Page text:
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Microsoft will adopt Google Chrome's controversial Manifest V3 in Edge

Thought Microsoft would resist Google's ad-friendly tweaks to the browser extension API? Think again

Microsoft has decided to support the Google-proposed Manifest V3 in its Edge browser - based on the Chromium browser engine - despite continuing concern about the impact on content-filtering extensions such as ad blockers.

The manifest is used by browser extensions to declare what permissions an extension requires, and is associated with a set of APIs through which the code can interact with web pages. Extensions are able to read and modify the content of the page, giving them high capability but also introducing privacy and security risks, in the case where a user installs a malicious or compromised extension.

In early 2019, Google came up with a proposal to make extensions safer but at the expense of some reduction in capability. In particular, the webRequest API, which lets the extension view, modify or block browser requests, is being deprecated in favour of a new and less powerful Declarative Net Request API. A common use for webRequest is ad blocking, but there are many other use cases.

It is a difficult matter as while Google is correct in stating that extensions can abuse webRequest, there are also suspicions that the company is keen to keep ads flowing because its business depends on it. We reported last year on a Google financial filing which highlighted ad-blocking technology as a threat that "could adversely affect our operating results."

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Despite this, Google said in June 2019 that weakening ad blockers "is absolutely not the goal." The company also clarified that webRequest would remain as an observational API and that blocking, curiously, "will still be available to enterprise deployments."

The current state of play is that Manifest V3 remains "in active development" and Google has said: "We have not decided on a final end of life date for Manifest V2."

Microsoft could potentially have made support for the more powerful webRequest API a distinctive feature of Edge; and some users begged for it to do so, saying: "Please, please don't remove/change/limit this API." Those appeals appear not to have been heeded. In a new post, the Microsoft Edge team said: "We plan to support the Declarative Net Request API and other changes proposed as part of Manifest V3."

Further, the documentation states: "We're replacing Web Request API with Declarative Net Request API, but will continue to keep Web Request API’s observational capabilities."

Manifest v3 is already supported in the Edge stable release, but no timeline has been given for neutering webRequest, with the company saying, "Once the changes are finalized in Chromium, we will share an update on our timelines."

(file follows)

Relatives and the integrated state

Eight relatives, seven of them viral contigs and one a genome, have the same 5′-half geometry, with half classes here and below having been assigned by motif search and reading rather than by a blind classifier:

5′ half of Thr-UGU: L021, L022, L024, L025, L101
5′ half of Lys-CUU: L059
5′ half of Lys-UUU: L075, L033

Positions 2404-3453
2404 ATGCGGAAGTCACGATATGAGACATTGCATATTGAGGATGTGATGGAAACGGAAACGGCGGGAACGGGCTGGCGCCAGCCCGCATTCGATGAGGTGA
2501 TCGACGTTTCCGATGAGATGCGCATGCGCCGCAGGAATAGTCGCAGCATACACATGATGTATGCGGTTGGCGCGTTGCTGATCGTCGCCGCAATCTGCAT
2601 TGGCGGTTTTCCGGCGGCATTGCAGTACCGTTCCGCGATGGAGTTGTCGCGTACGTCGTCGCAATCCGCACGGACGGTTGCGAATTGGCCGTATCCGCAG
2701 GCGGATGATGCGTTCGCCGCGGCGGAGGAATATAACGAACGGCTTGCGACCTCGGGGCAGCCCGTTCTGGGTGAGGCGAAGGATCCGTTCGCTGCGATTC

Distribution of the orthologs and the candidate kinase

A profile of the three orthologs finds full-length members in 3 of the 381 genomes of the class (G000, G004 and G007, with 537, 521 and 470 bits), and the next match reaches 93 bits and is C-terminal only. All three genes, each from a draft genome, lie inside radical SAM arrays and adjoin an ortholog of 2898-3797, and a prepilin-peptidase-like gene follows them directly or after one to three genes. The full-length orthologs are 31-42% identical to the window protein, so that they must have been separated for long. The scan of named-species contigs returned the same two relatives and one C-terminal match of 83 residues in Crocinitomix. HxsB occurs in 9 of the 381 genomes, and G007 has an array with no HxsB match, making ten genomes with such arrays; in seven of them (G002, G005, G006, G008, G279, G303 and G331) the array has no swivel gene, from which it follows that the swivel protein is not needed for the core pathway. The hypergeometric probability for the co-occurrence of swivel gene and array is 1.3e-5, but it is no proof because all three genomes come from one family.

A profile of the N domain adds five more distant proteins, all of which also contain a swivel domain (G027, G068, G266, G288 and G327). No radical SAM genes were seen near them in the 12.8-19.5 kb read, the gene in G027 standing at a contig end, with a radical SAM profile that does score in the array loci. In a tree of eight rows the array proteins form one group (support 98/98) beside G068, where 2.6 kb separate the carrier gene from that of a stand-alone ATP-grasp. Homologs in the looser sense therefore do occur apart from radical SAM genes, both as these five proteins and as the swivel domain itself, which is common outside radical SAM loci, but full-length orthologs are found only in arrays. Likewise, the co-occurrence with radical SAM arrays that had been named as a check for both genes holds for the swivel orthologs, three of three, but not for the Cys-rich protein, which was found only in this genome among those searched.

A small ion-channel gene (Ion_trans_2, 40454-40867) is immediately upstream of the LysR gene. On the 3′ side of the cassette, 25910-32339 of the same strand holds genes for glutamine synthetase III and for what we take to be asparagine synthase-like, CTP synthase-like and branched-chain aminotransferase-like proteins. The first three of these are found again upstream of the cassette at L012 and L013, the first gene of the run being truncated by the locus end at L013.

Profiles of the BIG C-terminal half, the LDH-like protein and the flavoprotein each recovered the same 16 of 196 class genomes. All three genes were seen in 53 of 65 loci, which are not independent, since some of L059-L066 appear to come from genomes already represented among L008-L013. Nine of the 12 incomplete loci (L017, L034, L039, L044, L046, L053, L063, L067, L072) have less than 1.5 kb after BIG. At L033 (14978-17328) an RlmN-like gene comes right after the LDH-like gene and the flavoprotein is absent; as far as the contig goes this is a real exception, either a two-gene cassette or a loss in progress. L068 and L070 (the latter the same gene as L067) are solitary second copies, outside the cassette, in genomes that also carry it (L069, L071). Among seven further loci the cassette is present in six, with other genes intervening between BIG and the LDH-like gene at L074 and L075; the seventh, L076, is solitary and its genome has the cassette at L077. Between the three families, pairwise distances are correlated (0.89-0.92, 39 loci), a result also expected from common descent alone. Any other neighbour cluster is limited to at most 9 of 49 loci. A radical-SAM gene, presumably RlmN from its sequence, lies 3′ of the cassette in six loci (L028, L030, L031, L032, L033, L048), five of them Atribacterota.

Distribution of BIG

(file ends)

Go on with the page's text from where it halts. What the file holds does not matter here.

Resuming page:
According to Microsoft: "After an extensive review of the concerns raised by content blockers and the community, we believe that a majority of those concerns have been resolved or will be resolved before Web Request API is deprecated."

There is of course wriggle room in "will be resolved" but there is no evidence that the community is equally confident.

Author of the uBlock Origin extension, Raymond Hill, told The Register that Microsoft (and Google's) claim that the changes improve privacy is false. "They are not deprecating the Web Request API, they are deprecating the *blocking ability* of the Web Request API – specifically, the 'webRequestBlocking' permission. The Web Request API will still be available and still be able to provide information about all network requests fired by the browser … as opposed to what those announcements state, the deprecation of the blocking ability of the webRequest API accomplishes nothing privacy-wise for content blockers since they will *still* require broad hosts permissions."

Hill said that other features such as run-time host permissions (RTHP) and forbidding remote code execution (RCE) are more effective for protecting privacy, but that these are not done with Manifest v3, since RTHP is a browser feature and forbidding RCE "is a store policy issue, not an API one … those Manifest v3 announcements improperly attribute virtues (RTHP and no-RCE) to Manifest v3 which are technically unrelated to Manifest v3."

Hill also quoted the EFF report, which said that "the next time Google [or Microsoft] claims that Manifest V3 will be better for user privacy and security, don’t believe their hype … Manifest V3 will curtail innovation and hurt the privacy and security of Chrome users."

Microsoft's Edge has a tiny market share relative to Chrome, and its web advertising business is also tiny relative to that of Google, but it does have an advertising service and is therefore vulnerable to the same suspicion that it may want to protect this. That said, enterprise security is also top of mind for the company, so this may be as much to do with privacy, security and performance, the stated reasons.

Even with Microsoft and Google on the same page with regard to Manifest v3, users will have plenty of other options. Mozilla has a FAQ on the subject and states that "Firefox is not obligated to implement every part of v3" and that it has "no immediate plans to remove blocking webRequest." That said, the Firefox company adds that it is "waiting for more clarity and has begun investigating the effort needed to adapt." It is also possible for browsers to implement content-blocking technology that works outside of the extension API.®

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